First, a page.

With football headlines focusing on the NFL playoff push and NCAA playoff implications, a refreshing break comes in the form of the newly formed Alliance of American Football league. Unfortunately, the endless loop of the former has severely drowned out the impressive accomplishments of the AAF. For instance, the AAF held its first annual Protect or Pick QB Draft on November 27th (you can view the results HERE), and they released the 2019 schedule on October 16th (schedule HERE).
This league has substantial potential, with former players Hines Ward, Troy Polamalu, Jared Allen, and Justin Tuck on the leadership staff, and Bill Polian as a co-owner. Chances are, you might not know any of that, and more, the numerous differences that will distinguish the AAF from the NFL.
Below, I aim to highlight some of those changes to prepare you for the upcoming season, which begins February 9th, 2019.
There will be two changes to the kicking game in the AAF. One seems to be dedicated to fan interest and one that aims to improve players safety.
The first, there are to be no more extra points. That’s right, the new look of the Alliance of American Football will require a two-point conversion attempt following touchdowns. The ball is set at the two-yard line (same as the NFL). While this may not seem like an incredible amount of added entertainment, especially since the PAT in the NFL is no longer a gimme, at face value, two-point conversions have become increasingly innovative.
I think it will force teams to become creative in formations and execution, thus providing the fanbase with endless opportunities to create fun gifs and upload them on twitter!
The second change is the elimination of the kickoff. The ball will be placed at the 25-yard line to begin each new possession. One of my favorite rules comes on the “onside kick” side of this rule. The losing team will receive the ball on their 35-yard line, facing 4th and 10.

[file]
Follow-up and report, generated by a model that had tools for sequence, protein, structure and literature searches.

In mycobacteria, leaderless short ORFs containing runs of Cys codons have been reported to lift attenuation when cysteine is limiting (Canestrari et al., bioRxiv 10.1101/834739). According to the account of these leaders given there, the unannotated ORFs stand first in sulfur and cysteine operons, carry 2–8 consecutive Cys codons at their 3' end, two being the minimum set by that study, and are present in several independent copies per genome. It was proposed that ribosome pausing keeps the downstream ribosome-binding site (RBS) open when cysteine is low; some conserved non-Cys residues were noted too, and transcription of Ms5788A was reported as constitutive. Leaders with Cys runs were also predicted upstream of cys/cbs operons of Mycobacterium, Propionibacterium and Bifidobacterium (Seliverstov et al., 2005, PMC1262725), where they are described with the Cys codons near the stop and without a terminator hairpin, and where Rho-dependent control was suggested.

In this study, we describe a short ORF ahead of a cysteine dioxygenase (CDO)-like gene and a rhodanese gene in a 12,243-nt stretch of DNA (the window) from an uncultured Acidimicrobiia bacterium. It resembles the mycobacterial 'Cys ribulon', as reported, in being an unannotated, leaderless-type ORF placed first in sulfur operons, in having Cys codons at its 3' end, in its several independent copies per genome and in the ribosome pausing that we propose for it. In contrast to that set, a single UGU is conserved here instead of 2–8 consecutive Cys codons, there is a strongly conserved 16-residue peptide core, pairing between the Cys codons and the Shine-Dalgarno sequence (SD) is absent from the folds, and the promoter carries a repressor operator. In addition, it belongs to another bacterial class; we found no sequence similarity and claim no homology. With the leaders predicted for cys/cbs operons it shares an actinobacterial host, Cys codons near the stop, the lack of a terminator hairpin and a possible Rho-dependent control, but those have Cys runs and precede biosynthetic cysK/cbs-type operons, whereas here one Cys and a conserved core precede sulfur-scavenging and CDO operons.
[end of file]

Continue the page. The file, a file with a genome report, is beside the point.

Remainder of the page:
I love this change. Not only does it largely improve player safety, on arguably one of the most dangerous plays in football, but it drastically improves the overall fan experience by creating a better chance of converting. There is just something about seeing your team in a 4th and 10 with everything on the line, that will make football fans lose their collective minds. An improvement to crossing your fingers and hoping for a lucky bounce. This way, the fan’s team has the outcome in their hands, convert or don’t, luck will have little to do with it.
Another fantastic approach to fan engagement, the AAF will bring efforts to create fewer “lulls” in action. One of those ways is by shortening the play clock to 30 seconds as opposed to 40 seconds. This is intended to create less downtime between plays, which should result in more action and less eating into the clock.
A sure fan favorite of the AAF, eliminating TV timeouts! “The game will only stop when it naturally stops,” said Ebersol, CEO, and co-founder of AAF. Fans rejoice at the end of commercial, punt, commercial, play, commercial, play….well you get the picture. The overall goal is to complete games in under 150 minutes.
Fan Engagement Bonus
While I am unable to find out exactly what this means, the AAF is striving for massive fan engagement. Going so far as to offer bonuses for “fan engagement.” I am unclear if this is for individual players or the team in total, but one thing that I have been able to dig up is the AAF will have its own app that will allow fans to stream games and potentially play fantasy football.
The opportunity is there for the AAF to take root, relieving football’s fanbase of the dreaded offseason. You will be able to catch the games on CBS, with one regular-season Alliance game being exclusively aired on CBS Sports Network each week.
Again, the start date for the AAF is February 9th, one week after the Superbowl! See you there!